Department

School of Education

Degree

Doctor of Education (EdD)

Chair

Deanna Keith

Primary Subject Area

Education, Administration; Education, General; Education, Secondary; Education, Sociology of; Education, Vocational

Keywords

Leadership Styles, Principal Leadership, Teacher Efficacy, Teacher Job Satisfaction

Disciplines

Education | Elementary and Middle and Secondary Education Administration | Teacher Education and Professional Development

Abstract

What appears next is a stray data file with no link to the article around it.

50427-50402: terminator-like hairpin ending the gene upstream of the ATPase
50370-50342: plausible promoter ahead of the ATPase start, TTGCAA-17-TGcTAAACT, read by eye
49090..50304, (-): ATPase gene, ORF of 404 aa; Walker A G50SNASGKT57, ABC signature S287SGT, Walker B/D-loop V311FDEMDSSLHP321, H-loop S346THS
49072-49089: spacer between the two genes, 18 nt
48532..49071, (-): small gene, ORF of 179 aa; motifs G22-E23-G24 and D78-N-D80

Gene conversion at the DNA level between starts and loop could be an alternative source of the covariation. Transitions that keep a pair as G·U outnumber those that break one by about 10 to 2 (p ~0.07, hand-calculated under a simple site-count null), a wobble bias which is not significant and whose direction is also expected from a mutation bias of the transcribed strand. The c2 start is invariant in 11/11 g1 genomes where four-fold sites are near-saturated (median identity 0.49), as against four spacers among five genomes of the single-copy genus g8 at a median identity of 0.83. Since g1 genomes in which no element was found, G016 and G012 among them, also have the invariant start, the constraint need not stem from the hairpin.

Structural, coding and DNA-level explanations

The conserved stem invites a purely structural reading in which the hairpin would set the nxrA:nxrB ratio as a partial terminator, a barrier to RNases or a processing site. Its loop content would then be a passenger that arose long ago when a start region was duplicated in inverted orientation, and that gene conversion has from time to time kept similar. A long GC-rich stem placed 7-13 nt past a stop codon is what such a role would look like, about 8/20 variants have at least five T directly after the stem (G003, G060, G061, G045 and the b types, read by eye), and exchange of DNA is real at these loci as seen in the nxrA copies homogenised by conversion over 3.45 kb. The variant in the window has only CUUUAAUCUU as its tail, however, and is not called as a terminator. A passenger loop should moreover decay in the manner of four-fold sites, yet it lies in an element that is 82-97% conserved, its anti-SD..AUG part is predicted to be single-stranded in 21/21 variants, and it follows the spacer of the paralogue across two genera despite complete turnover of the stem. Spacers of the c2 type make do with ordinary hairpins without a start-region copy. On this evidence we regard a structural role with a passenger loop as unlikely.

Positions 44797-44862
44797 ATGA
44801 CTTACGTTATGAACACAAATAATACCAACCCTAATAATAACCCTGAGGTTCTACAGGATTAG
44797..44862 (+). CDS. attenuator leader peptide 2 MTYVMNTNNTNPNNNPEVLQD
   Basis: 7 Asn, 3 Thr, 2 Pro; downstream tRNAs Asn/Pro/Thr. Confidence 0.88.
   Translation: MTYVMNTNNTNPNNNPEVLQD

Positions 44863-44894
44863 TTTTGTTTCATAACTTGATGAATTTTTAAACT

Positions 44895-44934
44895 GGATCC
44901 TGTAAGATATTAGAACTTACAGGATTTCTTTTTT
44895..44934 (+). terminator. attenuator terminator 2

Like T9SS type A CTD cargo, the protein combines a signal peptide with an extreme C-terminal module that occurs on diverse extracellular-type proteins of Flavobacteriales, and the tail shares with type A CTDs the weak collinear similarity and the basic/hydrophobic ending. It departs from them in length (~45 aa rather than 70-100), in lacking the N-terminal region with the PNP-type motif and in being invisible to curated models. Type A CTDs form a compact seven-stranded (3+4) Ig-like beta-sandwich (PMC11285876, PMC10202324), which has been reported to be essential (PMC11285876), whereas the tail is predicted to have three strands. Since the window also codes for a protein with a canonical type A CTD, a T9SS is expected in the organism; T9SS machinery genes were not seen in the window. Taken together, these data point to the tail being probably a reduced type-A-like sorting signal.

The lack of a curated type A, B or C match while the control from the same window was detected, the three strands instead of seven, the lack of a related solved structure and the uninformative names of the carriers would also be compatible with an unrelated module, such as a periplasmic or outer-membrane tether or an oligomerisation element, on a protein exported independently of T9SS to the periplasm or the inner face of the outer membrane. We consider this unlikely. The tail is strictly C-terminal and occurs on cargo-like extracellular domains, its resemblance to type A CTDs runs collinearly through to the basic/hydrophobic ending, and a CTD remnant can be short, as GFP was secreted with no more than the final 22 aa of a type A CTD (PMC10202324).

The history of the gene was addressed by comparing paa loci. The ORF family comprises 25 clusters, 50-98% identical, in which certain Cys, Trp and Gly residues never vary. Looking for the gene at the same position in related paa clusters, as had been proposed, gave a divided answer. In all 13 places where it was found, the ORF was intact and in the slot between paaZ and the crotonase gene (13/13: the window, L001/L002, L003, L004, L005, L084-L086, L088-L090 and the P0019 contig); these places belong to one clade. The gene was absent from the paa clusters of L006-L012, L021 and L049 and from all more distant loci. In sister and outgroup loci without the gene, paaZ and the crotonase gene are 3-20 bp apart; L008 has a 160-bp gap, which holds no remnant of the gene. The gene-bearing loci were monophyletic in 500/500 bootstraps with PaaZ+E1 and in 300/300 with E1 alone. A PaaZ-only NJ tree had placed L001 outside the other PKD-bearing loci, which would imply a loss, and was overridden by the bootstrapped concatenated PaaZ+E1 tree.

This quantitative study addressed the idea that a middle school principal could possibly impact teacher effectiveness in the classroom through the relationship of the teacher- perceived leadership style of the principal to teacher job satisfaction and efficacy. The sample consisted of 142 certified teachers from 8 public middle schools in an East Tennessee school district. Teachers completed the Multifactor Leadership Questionnaire, (Bass & Avolio, 2004) and the Job Satisfaction Survey, (Spector, 1994). Findings from this study suggest that the middle school teachers' perceptions of their principal's leadership did not have a statistically significant relationship to teacher job satisfaction. A new insight from this study suggests that principals should find ways to lead beyond teacher perceptions to address the needs of teachers in order to promote and encourage higher levels of teacher job satisfaction. Furthermore, findings from this study suggest that the middle school teachers' perceptions of their principal's leadership style had a statistically significant relationship to teacher efficacy. Findings from the exploratory question at the end of the surveys further validated this study by indicating teachers perceived their need for principal leadership to help them become more effective in the classroom by incorporating elements of both transformational and transactional leadership. This research may assist in developing leadership style training for principals desiring to indirectly influence academic achievement by influencing teacher job satisfaction and efficacy within their schools.

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